NTD2, NTD1, NTD1
};
float durt[] =                 
{
  1, 1, 1, 1,
  1, 1, 1, 1,
  1, 1, 1, 1,
  1 + 0.5, 0.5, 1 + 1,
  1, 1, 1, 1,
  1, 1, 1, 1,
  1, 1, 1, 1,
  1 + 0.5, 0.5, 1 + 1,
  1, 1, 1, 1,
  1, 0.5, 0.5, 1, 1,
  1, 0.5, 0.5, 1, 1,
  1, 1, 1, 1,
  1, 1, 1, 1,
  1, 1, 1, 0.5, 0.5,
  1, 1, 1, 1,
  1 + 0.5, 0.5, 1 + 1,
};
int length;
int tonepin = 6;
void Task5::setup() {
  Serial.begin(9600);
  pinMode(6, OUTPUT);
  length = sizeof(tune) / sizeof(tune[0]);
}
void Task5::loop() {
  sensorValue = analogRead(A0);
  Serial.println(sensorValue);
  if (sensorValue > threshold) {
    for (int x = 0; x < length; x++) {
      tone(tonepin, tune[x]);
      delay(500 * durt[x]);
      noTone(tonepin);
    }
    delay(2000);
  } else {
    noTone(tonepin);
  }
}

defineTask(Task6);
#include <Servo.h>
Servo servo;
int d = 800;
void Task6::setup() {
  Serial.begin(9600);
  pinMode(3, OUTPUT);
  servo.attach(3);
}
void Task6::loop() {
  sensorValue = analogRead(A0);
  Serial.println(sensorValue);
  if (sensorValue > threshold) {
    servo.write(400);
    delay(d);
    servo.write(60);
    delay(d);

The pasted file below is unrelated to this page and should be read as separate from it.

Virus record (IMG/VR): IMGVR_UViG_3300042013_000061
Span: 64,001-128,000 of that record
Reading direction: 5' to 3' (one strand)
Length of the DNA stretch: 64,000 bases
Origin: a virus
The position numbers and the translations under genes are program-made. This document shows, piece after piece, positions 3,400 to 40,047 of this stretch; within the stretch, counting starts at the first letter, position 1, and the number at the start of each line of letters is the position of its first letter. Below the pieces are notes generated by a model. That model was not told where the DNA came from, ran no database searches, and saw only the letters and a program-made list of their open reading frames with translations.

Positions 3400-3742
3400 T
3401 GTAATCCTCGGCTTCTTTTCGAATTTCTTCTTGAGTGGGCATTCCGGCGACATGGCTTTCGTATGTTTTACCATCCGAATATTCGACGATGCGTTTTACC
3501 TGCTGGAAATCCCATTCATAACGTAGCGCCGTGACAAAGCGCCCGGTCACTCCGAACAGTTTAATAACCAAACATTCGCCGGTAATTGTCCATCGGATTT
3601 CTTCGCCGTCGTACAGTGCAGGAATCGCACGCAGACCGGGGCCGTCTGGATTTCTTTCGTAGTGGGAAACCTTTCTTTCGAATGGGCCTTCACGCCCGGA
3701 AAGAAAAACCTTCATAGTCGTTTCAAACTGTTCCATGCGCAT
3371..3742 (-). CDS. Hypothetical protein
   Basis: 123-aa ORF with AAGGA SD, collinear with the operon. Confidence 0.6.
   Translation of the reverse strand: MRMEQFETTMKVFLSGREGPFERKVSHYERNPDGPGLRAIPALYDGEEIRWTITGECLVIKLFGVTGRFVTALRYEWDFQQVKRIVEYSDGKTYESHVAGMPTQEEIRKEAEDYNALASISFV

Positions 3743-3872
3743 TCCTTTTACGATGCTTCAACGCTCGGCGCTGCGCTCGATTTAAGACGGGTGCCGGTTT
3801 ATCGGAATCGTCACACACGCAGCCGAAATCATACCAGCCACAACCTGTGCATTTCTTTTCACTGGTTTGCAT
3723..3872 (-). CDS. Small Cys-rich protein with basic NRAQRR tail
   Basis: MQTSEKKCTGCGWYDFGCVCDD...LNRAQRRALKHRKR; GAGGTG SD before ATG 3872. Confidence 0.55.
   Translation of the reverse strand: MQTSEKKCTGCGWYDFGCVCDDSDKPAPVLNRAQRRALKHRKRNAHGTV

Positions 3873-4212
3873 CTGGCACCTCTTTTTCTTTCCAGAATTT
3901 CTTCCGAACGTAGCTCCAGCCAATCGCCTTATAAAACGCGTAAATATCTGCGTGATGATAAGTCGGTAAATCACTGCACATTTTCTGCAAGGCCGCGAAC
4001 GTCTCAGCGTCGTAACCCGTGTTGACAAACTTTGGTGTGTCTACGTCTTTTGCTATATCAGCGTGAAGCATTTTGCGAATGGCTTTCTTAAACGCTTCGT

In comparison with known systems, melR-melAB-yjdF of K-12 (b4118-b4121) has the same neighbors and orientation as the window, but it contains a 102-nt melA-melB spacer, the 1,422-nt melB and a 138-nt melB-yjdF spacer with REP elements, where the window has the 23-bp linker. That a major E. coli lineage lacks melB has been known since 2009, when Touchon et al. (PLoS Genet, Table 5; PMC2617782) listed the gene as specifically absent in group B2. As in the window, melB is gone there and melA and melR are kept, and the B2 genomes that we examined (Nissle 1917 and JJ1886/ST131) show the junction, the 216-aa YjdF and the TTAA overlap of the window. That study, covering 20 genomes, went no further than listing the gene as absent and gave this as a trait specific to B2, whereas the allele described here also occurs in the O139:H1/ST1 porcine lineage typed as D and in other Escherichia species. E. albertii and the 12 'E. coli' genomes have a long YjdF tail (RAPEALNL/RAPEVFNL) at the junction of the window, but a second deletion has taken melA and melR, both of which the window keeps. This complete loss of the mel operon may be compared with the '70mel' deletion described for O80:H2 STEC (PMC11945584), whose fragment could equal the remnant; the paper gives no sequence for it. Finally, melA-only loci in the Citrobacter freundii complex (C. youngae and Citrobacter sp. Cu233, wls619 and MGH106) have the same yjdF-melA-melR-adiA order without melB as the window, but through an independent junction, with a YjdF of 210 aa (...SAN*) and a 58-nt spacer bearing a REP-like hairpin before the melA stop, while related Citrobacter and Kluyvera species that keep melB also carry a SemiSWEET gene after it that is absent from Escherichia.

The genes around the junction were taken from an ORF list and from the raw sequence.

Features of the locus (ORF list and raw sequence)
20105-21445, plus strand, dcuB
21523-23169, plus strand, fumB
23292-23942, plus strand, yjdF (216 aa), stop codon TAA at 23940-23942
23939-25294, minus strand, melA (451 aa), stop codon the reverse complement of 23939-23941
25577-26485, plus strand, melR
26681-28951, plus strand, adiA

} else {
    servo.write(60);
  }
}


void setup() {
  mySCoop.start();
  pinMode(13, OUTPUT);
  pinMode(12, OUTPUT);
  pinMode(11, OUTPUT);
  pinMode(10, OUTPUT);
  pinMode(9, OUTPUT);
  pinMode(8, OUTPUT);
  pinMode(6, OUTPUT);
  pinMode(3, OUTPUT);
}

void loop() {
  yield();
}

2 thoughts on “Stupid Pet Trick–Swing Winnie the Pooh

  1. I really like the idea of the mechanism using legos. I made a project in that way one time, you can check it out here:
    https://vimeo.com/31639771

    I think the sensor was not working as you wanted because to get the distance you need to apply a formula: https://www.dfrobot.com/wiki/index.php/SHARP_GP2Y0A41SK0F_IR_ranger_sensor_(4-30cm)_SKU:SEN0143

    or you can also try to find out manually like they do it here:
    https://create.arduino.cc/projecthub/jenniferchen/distance-measuring-sensor-900520

    anyways, I think you did a great job with your whole project, it was not only a circuit and code, the idea of the bear and swing was pretty funny 🙂